- Keystroke boxes like the example that follows on “Making Menu Choices,” are found throughout the book and give you instructions on how to perform the task being discussed step-by-step.
If, while reading these topics, you encounter a photographic term or phrase with which you aren’t familiar, search this eBook, the camera’s Instruction Manual and the Internet to learn more about it.
MAKING MENU CHOICES
- To display the last menu you viewed, press the MENU button.
- To scroll through main and secondary tabs turn the Main Dial.
- To select a setting listed on the menu (not all commands list settings), turn the Quick Control Dial to highlight it, then press SET. The current setting is indicated in blue.
- To backup without changing a setting, press MENU or the shutter button before pressing SET.
- To exit the menu, or in some cases back up through previous choices, press the MENU button. To exit without making a change press MENU before pressing SET.
- To instantly return to shooting, press the shutter button halfway down.
- To display a description of the highlighted menu setting, hold down the INFO button.
- Seeing for Yourself includes demonstrations of the concept under discussion and guides you from passively reading to actually using your own camera to actually see the effects you can get when you change settings. Getting better at photography requires practice and that’s one of the things this section is designed to help you with by making it more convenient. In some topics it does this by displaying "targets" which are discussed below.
- Projects at the end of each chapter pull together the concepts discussed in the chapter. Many of the projects are based on themes inspired by the images, techniques and teachings of great photographers such as Diane Arbus, Dorothea Lange, Garry Winnogrand, Ansel Adams, Eugene Atget, Walker Evans and many others. The discussion of these historic figures will hopefully encourage you to learn more about them, their work and the history and aesthetics of photography as a fine art.
Using Your e-Reader
This book is in a PDF format that can be displayed on almost any computer, smart phone or tablet and the book automatically scales to fit the device’s screen. You can transfer the eBook to any of these devices using an app such as Dropbox. Once there, you can then use a menu to open the book in Kno, Adobe Reader, iBooks, Kindle, Evernote and other apps on your device. Each of these apps has its own unique features so refer to their documentation if you are not familiar with them. The things you want to know include how to use your app to open PDF documents, display single pages, scroll back and forth through pages, click or tap links, print copies, and add notes.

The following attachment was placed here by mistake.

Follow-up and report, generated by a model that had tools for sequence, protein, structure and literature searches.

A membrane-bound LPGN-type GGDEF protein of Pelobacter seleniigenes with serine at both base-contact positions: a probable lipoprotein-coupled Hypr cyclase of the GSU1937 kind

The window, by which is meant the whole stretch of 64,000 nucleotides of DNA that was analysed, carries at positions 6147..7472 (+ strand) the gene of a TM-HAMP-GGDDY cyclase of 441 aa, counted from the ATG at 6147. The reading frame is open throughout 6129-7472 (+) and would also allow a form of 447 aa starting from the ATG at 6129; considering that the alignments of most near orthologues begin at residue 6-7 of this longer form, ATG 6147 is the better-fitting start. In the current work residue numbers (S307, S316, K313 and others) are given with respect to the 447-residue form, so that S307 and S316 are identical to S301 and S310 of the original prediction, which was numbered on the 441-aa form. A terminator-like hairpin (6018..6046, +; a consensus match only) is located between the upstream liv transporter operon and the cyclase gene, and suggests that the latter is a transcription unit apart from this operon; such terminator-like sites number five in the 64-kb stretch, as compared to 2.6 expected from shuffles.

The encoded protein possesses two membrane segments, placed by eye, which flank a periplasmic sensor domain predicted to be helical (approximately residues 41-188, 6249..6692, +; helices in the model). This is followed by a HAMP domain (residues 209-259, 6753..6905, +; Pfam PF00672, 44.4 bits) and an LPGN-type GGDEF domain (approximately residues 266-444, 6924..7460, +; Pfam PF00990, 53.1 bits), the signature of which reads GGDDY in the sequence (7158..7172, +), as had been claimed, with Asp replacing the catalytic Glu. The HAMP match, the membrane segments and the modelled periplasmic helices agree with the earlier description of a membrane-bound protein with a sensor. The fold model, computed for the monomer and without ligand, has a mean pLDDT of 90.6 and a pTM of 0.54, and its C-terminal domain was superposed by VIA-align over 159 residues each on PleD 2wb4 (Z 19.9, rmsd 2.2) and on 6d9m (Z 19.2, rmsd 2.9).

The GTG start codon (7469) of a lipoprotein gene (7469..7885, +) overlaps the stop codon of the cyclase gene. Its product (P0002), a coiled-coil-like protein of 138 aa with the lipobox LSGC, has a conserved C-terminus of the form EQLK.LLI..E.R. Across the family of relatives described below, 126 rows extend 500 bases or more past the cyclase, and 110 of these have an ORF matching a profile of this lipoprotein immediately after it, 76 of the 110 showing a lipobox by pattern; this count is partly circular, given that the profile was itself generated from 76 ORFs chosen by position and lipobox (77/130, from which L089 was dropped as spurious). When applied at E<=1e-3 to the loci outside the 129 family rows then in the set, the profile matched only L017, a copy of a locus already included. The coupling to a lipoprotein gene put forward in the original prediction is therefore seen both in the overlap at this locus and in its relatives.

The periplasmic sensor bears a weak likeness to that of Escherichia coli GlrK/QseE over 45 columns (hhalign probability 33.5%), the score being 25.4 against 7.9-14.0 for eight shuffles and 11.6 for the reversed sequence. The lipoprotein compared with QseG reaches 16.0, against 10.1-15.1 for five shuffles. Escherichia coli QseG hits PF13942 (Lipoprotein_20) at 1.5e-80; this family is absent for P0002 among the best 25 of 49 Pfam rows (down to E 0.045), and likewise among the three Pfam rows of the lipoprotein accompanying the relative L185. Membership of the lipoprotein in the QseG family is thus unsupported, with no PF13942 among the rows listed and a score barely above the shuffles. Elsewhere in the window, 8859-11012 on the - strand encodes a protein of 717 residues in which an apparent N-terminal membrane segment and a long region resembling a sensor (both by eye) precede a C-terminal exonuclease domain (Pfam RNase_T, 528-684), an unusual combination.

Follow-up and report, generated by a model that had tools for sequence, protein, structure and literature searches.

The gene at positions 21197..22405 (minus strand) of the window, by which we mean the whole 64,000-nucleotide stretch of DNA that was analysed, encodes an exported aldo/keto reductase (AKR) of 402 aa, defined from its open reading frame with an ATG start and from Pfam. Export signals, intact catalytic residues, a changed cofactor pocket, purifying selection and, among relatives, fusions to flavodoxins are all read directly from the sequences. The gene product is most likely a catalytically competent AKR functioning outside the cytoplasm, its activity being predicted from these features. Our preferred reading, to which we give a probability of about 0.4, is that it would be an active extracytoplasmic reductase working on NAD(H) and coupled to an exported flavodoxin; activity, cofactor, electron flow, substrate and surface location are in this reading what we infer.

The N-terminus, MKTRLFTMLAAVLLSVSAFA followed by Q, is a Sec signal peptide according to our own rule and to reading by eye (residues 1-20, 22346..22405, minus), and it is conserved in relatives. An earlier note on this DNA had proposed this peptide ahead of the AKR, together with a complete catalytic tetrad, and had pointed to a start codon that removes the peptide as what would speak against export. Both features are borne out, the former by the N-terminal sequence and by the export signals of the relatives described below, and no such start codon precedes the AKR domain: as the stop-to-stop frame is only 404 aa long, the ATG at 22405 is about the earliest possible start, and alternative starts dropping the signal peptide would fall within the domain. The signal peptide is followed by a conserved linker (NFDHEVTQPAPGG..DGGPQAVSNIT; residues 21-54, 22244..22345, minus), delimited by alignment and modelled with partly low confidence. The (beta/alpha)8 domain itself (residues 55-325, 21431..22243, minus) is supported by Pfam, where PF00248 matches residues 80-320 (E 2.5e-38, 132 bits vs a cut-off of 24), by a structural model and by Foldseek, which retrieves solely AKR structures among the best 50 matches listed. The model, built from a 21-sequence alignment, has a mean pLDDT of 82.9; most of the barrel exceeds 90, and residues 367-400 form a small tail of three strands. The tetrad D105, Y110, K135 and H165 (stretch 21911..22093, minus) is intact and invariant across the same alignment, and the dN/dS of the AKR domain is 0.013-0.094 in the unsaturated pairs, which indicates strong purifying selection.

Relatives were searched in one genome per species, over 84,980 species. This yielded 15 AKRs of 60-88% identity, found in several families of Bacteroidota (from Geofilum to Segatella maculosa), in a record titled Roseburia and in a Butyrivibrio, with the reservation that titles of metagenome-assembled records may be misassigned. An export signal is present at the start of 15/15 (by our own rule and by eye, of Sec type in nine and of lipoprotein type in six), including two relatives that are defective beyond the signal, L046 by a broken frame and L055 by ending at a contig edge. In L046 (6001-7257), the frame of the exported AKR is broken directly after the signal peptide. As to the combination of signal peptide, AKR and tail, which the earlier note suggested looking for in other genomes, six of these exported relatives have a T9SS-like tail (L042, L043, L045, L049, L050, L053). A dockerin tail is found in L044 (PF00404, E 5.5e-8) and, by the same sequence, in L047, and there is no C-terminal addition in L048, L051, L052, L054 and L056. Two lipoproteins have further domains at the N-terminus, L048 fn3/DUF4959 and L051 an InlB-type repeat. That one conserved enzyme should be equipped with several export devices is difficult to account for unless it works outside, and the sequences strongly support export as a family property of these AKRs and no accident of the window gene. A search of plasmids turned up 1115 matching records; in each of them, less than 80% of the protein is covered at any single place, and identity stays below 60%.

A Word about Targets
Many of the Seeing for Yourself sections, and a few of the projects at the end of chapters, refer you to targets in Appendix A. A target is simply a photo or other illustration that you display on your e-reader to explore the concepts and techniques of photography using your own camera. For example, you can photograph a ball bouncing on the screen to see the effects of shutter speed on motion capture and focus tracking. Although just rough approximations of the real world, targets have certain advantages:
- They save you time because you don’t have to find real-world scenes where you can practice procedures.
- You can use targets anywhere, anytime, even at night. You are not dependent on the quality of the light and weather.
- Targets are less complex than real-world scenes so the effects stand out more clearly.
- Targets are uniform so you can easily compare your results with and ask questions of others using the same targets.
This target is used to practice face detect and shows (front row left to right) Harry A. Longabaugh, alias the Sundance Kid, Ben Kilpatrick, alias the Tall Texan, Robert Leroy Parker, alias Butch Cassidy; Standing: Will Carver & Harvey Logan, alias Kid Curry; Fort Worth, Texas, 1900. From the studio of John Schwartz.
CLICK TO DOWNLOAD TARGETS